CHARLESTON – My fellow West Virginia Supreme Court Justices and I had the distinct pleasure of hosting Chief Justices and State Court Administrators from 47 states, several territories, and Washington, D.C., at The Greenbrier in July for a gathering focusing on elder law, a topic that has been a special interest of mine for many years.
About 72 million people are projected to be 65 years or older by 2030. “The Silver Tsunami: The Effects of an Aging Population on State Courts” was the topic of the Annual Meeting of the Conference of Chief Justices and Conference of State Court Administrators July 19-23.
Work sessions provided a plethora of useful information from national experts and elicited in-depth, insightful discussions. There was time, also, for us to show our guests and their families what West Virginia has to offer in the hope they might return here and encourage others in their home states to visit us, too.
Kathy Greenlee, the Administrator of the Administration for Community Living and Assistant Secretary for Aging in the U.S. Department of Health and Human Services, was the keynote speaker the first day, urging us to look at an “old” problem through a new lens, setting the stage for our discussions during the rest of the conference.
One education session focused on improving court responses to elder abuse and neglect, including financial exploitation. Such abuse is an underlying and sometimes hidden factor in court cases involving older persons. While every state has criminal statutes that apply to elder abuse, the cases present special challenges. The session included a presentation on the common misconceptions that can hinder the investigation, prosecution, and conviction of elder abuse incidents.
There was also a panel discussion on this topic featuring innovative court responses and national resources. The sad case of heiress and socialite Brooke Astor was the focus of another education session. Another education session, moderated by North Dakota Chief Justice Gerald W. VandeWalle (the oldest state Supreme Court Justice in the nation), focused on the demographic transition to an aging society, how longevity is associated with functional limitations and changes in capacity, and how courts are affected by this transformation.
The sensitive topic of judicial capacity and the roles of state judicial assistance programs also was explored. Another panel discussion examined the impetus for state-level reform of the adult guardianship/conservatorship system and how state justice systems have responded.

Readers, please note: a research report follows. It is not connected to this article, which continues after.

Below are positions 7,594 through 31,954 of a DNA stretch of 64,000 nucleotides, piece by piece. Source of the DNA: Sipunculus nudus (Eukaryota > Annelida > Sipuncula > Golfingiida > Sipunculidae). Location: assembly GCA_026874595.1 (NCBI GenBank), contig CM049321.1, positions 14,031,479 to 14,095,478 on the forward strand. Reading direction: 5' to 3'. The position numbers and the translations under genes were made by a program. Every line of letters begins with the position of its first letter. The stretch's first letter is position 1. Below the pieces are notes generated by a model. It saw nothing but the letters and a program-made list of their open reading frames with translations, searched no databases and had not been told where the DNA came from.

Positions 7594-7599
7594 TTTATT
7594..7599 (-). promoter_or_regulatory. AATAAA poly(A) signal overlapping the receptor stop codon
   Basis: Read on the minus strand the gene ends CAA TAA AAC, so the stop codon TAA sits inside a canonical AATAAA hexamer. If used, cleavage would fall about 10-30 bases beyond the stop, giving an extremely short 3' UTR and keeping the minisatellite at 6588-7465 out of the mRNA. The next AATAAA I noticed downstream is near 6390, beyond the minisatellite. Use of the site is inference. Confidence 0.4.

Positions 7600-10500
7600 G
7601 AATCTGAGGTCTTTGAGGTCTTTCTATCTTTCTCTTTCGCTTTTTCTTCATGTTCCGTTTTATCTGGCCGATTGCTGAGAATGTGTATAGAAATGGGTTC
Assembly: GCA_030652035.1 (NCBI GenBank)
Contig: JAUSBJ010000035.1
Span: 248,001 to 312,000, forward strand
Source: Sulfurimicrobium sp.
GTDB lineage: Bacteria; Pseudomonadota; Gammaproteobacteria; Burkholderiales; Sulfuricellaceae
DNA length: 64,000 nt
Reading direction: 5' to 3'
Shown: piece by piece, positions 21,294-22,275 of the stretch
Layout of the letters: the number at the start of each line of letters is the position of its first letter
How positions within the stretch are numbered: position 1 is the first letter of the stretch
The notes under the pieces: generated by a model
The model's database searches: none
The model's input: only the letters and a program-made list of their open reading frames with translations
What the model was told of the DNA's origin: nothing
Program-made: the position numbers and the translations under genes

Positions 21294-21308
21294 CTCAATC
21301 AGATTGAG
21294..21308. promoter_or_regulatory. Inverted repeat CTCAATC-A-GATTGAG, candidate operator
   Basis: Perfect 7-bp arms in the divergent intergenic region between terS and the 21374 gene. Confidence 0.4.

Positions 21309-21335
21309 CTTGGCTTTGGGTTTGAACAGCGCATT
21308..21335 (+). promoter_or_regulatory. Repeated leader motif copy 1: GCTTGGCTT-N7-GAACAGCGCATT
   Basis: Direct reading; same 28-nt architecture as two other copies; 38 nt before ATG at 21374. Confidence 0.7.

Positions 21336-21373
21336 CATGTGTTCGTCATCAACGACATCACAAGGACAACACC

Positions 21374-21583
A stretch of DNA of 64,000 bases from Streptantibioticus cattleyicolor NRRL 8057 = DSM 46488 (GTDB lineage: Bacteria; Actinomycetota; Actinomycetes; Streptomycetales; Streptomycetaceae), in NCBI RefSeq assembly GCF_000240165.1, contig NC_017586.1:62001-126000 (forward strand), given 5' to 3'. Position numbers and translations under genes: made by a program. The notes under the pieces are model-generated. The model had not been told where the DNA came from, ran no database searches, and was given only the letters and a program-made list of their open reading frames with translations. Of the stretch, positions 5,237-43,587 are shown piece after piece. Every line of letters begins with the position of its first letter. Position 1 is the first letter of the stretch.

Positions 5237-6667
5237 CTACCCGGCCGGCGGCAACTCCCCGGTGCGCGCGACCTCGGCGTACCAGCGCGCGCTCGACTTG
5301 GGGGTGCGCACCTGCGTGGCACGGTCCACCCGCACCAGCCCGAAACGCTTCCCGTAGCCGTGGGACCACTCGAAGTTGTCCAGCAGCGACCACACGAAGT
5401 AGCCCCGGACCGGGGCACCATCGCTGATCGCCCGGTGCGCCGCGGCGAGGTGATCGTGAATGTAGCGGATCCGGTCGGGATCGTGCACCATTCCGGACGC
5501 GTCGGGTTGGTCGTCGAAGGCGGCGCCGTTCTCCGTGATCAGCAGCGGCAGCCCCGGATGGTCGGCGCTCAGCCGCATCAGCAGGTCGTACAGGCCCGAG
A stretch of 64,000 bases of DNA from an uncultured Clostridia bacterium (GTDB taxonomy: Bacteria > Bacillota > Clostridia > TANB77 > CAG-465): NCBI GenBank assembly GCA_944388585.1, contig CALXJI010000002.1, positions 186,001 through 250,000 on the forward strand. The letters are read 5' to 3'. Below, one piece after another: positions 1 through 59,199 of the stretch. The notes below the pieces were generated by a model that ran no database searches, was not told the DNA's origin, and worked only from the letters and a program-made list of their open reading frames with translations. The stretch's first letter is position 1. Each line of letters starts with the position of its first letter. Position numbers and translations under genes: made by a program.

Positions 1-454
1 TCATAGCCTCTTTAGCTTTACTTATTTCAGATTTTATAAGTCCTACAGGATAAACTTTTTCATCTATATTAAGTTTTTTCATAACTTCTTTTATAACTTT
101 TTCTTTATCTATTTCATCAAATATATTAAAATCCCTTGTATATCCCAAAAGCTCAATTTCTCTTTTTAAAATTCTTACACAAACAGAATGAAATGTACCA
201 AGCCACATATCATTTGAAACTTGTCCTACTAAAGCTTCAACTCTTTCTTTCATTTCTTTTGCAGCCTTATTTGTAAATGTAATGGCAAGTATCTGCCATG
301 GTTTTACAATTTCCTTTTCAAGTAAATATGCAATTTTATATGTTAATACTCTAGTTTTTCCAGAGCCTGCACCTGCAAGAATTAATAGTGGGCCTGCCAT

The Chief Justices and Court Administrators also spent time in their respective groups’ committees and plenary meetings. Former U.S. Supreme Court Justice Sandra Day O’Connor joined us one day to present the annual Sandra Day O’Connor Award for the Advancement of Civics Education. And there was time to recognize the State Justice Institute’s Thirtieth Anniversary.
The Greenbrier itself provided a bevy of activities to entertain the judicial officials’ families while we worked.
I feel fortunate to be Chief Justice when our state was able to host such an important conference. I would like to thank my fellow Justices, three of whom presided as Chief as plans were being made for the event these last four years. I appreciate so much the work of the entire Administrative Office staff, especially the management provided by Sara Thompson, the Court’s Director of Judicial Education and our de facto events manager.
The NCSC’s Shelley Rockwell, Brenda Williams, Toni Grainer, and – of course – its President, Mary McQueen, were absolutely invaluable. Finally, none of this would have been possible – from proposal to execution – without the leadership provided by our Administrative Director (and COSCA Board Member) Steve Canterbury.
Ultimately, I appreciate my fellow citizens who were their usual gracious, hospitable West Virginians. From my colleagues, who came as far away as Guam to the west and the Virgin Islands to the (south) east, I heard nothing but the highest praise and even a degree of astonishment at how indefatigably polite and hospitable and, as one termed it, “sweet” every person they met was to them.
Of course, I am not surprised.
Davis is Chief Justice of the West Virginia Supreme Court of Appeals.